The other half belongs to the Dungatar residents themselves, and the magic that Tilly weaves to transport them out of their bleak, tea-coloured palette of 1940s cotton pinafores and smocks, and into glamorous visions of haute couture in rich jewel tones. Enter the film’s second costume designer, Marion Boyce, who was tasked with putting together more than 350 costumes for the rest of the cast.
“Tilly was quite remarkable because she knew the people from that town but had been able to step away,” says Boyce, whose spectacular designs on 1920s Australian series Miss Fisher’s Murder Mysteries have developed a cult following across the globe. (Amongst her other credits are Stephen King’s Nightmares and Dreamscapes, Crocodile Dundee in Los Angeles and The Starter Wife, for which Boyce was nominated for both a Primetime Emmy and Costume Designers Guild Award.)
“She could actually see their inner workings in a way, so she knew what they aspired to, or what their aspirations were, or their inner goddess,” says Boyce. “And so that’s what she appealed to: their vanity. It was lovely finding really strong images for the women of Dungatar.”
Tilly’s couture revolution of the town begins with the dowdy grocer’s daughter Gertrude Pratt (Sarah Snook), whom Tilly transforms into the belle of the country town ball. This kickstarts a bit of a Pygmalion project for Tilly, until Gertrude’s entire wardrobe looks like it belongs on the rack of a 1950s Vogue fashion shoot and lands her the most eligible bachelor in town. Makeover complete. Soon the rest of Dungatar wants in on Tilly’s magic too, gradually coming alive with each new tea chest of sumptuous fabric that arrives from abroad. Tilly’s rich brocades, exquisite broderie anglaise, delicate French muslin and thrilling silks drive the town’s gossipy inhabitants wild with excitement, as jealousies and ugly character flaws start to reveal themselves.
The full Tilly effect climaxes spectacularly about half-way through the film, when we spot Gertrude and several other women going about their day-to-day business in head-to-toe haute couture. Muriel, the grocer’s wife, is up on a ladder changing the lightbulb on a signboard in billowing silk chiffon. The post office girl is draped in glorious jacquard as she does her daily rounds. Gertrude, not to be outdone, flits about in a cape made from 40 metres of diaphanous pleated white silk organza. It is hilarious, and spectacular; a fun antidote to some of the darker times ahead.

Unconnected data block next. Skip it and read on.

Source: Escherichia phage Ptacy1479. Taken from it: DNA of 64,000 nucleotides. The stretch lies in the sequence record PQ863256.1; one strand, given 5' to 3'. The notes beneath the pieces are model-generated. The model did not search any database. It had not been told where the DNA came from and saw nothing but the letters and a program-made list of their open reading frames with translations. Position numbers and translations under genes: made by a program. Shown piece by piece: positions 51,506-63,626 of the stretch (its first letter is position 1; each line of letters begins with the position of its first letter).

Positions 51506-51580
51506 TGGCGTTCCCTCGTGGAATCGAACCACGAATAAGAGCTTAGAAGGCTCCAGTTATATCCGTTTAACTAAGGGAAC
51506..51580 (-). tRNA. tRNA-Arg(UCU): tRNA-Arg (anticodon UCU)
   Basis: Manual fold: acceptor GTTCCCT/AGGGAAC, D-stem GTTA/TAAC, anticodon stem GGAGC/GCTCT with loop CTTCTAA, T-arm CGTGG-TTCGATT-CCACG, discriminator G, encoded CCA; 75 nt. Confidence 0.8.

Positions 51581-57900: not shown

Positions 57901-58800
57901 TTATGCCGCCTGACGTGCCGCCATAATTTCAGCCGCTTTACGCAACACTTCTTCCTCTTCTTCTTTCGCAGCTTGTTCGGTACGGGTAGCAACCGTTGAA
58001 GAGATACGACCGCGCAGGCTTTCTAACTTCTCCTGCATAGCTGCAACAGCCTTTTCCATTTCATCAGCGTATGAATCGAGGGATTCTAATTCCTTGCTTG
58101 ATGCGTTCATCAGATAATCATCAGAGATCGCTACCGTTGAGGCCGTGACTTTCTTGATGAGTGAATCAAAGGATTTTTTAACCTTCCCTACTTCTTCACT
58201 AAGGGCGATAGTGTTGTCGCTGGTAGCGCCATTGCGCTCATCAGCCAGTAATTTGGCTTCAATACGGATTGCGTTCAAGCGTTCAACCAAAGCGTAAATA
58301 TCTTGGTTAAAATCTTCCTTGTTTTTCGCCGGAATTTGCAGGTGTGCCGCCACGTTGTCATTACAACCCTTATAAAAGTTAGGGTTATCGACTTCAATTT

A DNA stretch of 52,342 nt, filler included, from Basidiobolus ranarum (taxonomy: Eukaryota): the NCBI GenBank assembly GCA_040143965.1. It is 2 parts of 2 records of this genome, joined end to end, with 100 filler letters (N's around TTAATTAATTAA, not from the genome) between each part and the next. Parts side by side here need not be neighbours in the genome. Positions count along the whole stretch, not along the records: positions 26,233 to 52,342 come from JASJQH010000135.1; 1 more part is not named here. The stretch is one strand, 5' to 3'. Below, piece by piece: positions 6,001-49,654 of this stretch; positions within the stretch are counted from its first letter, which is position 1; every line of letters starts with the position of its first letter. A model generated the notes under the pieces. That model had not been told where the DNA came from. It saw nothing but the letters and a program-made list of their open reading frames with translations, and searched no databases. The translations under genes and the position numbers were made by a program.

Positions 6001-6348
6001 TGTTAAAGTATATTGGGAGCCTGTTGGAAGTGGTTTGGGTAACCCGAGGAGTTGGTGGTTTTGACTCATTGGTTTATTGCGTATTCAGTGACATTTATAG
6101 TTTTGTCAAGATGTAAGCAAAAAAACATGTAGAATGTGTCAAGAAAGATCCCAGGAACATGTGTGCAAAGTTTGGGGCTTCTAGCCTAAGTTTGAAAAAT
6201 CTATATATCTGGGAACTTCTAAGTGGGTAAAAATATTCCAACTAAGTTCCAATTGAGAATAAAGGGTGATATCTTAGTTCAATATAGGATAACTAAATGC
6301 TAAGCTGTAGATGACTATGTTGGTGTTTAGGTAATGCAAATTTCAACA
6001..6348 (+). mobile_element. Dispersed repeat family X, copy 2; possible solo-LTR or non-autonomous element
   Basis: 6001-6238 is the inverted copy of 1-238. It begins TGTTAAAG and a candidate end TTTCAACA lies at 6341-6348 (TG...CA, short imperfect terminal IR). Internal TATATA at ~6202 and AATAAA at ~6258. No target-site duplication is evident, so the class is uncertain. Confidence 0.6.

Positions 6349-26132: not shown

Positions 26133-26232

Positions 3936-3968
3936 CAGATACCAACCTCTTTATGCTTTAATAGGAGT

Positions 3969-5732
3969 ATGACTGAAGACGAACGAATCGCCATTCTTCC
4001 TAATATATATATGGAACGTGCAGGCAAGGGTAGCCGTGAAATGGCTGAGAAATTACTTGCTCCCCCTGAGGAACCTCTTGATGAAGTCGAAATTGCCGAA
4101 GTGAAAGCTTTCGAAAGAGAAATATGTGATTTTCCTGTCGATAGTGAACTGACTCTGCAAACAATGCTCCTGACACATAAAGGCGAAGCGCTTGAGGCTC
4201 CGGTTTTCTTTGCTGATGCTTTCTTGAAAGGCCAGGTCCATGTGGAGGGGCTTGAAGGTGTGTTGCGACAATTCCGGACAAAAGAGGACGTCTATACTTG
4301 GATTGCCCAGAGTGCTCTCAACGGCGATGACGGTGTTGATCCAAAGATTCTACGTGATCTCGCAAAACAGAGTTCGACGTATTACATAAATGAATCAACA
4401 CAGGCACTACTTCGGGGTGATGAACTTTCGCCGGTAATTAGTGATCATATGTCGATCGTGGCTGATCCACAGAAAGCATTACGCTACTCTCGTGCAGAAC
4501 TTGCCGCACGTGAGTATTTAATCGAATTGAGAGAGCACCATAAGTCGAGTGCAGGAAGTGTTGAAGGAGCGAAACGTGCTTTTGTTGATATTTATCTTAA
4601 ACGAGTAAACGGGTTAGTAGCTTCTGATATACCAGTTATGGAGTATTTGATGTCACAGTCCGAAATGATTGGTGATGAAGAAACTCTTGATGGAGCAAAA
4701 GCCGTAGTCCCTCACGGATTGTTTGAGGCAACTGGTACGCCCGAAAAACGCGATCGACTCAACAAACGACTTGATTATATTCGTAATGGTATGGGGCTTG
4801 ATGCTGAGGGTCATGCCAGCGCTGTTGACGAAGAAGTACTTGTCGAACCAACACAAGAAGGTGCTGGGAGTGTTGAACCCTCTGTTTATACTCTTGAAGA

“That was all birds preening, that scene,” confesses Boyce. “Jocelyn found this most extraordinary landscape which was quite inspiring, with these beautiful petrified trees and these sort of beautiful birds of prey sitting in these trees. I remember looking at photographs of this location and being quite blown way by the power of it. So (the Dungatar women all represented) birds swanning around the street … the silhouette of Sarah’s cape was plumage of a bird, and then on Prudence, there was feather musks and feather headpieces, and Rebecca was, like flying.”
Another notable scene showcasing Tilly’s effect en masse is Gertrude’s wedding (the end goal of that makeover). Much like a movie premiere, each guest makes a red carpet-like arrival from their automobiles to many ‘ oohs’ and ‘ ahs’ from the crowd. It’s glamour with a capital G, and not because it’s Gertrude’s day; they all feel like leading ladies.
As for the individual inspiration behind Tilly’s magnificent creations throughout the film, many of which look as though they’ve stepped straight out of Old Hollywood, Boyce admits to being influenced by photographers Richard Avedon and Irving Penn.
“It’s quite interesting when you start doing the research for pieces,” she muses. “A lot of it, especially in country towns like the town they lived in, their only images of the world came from glossy magazines or the cinema. So that was their only point of reference. And at the time, there was extraordinary stuff coming out of Paris, and the new incredibly exciting way in which Richard Avedon and Irving Penn started photographing clothes, with this extraordinary amount of energy and character to them.”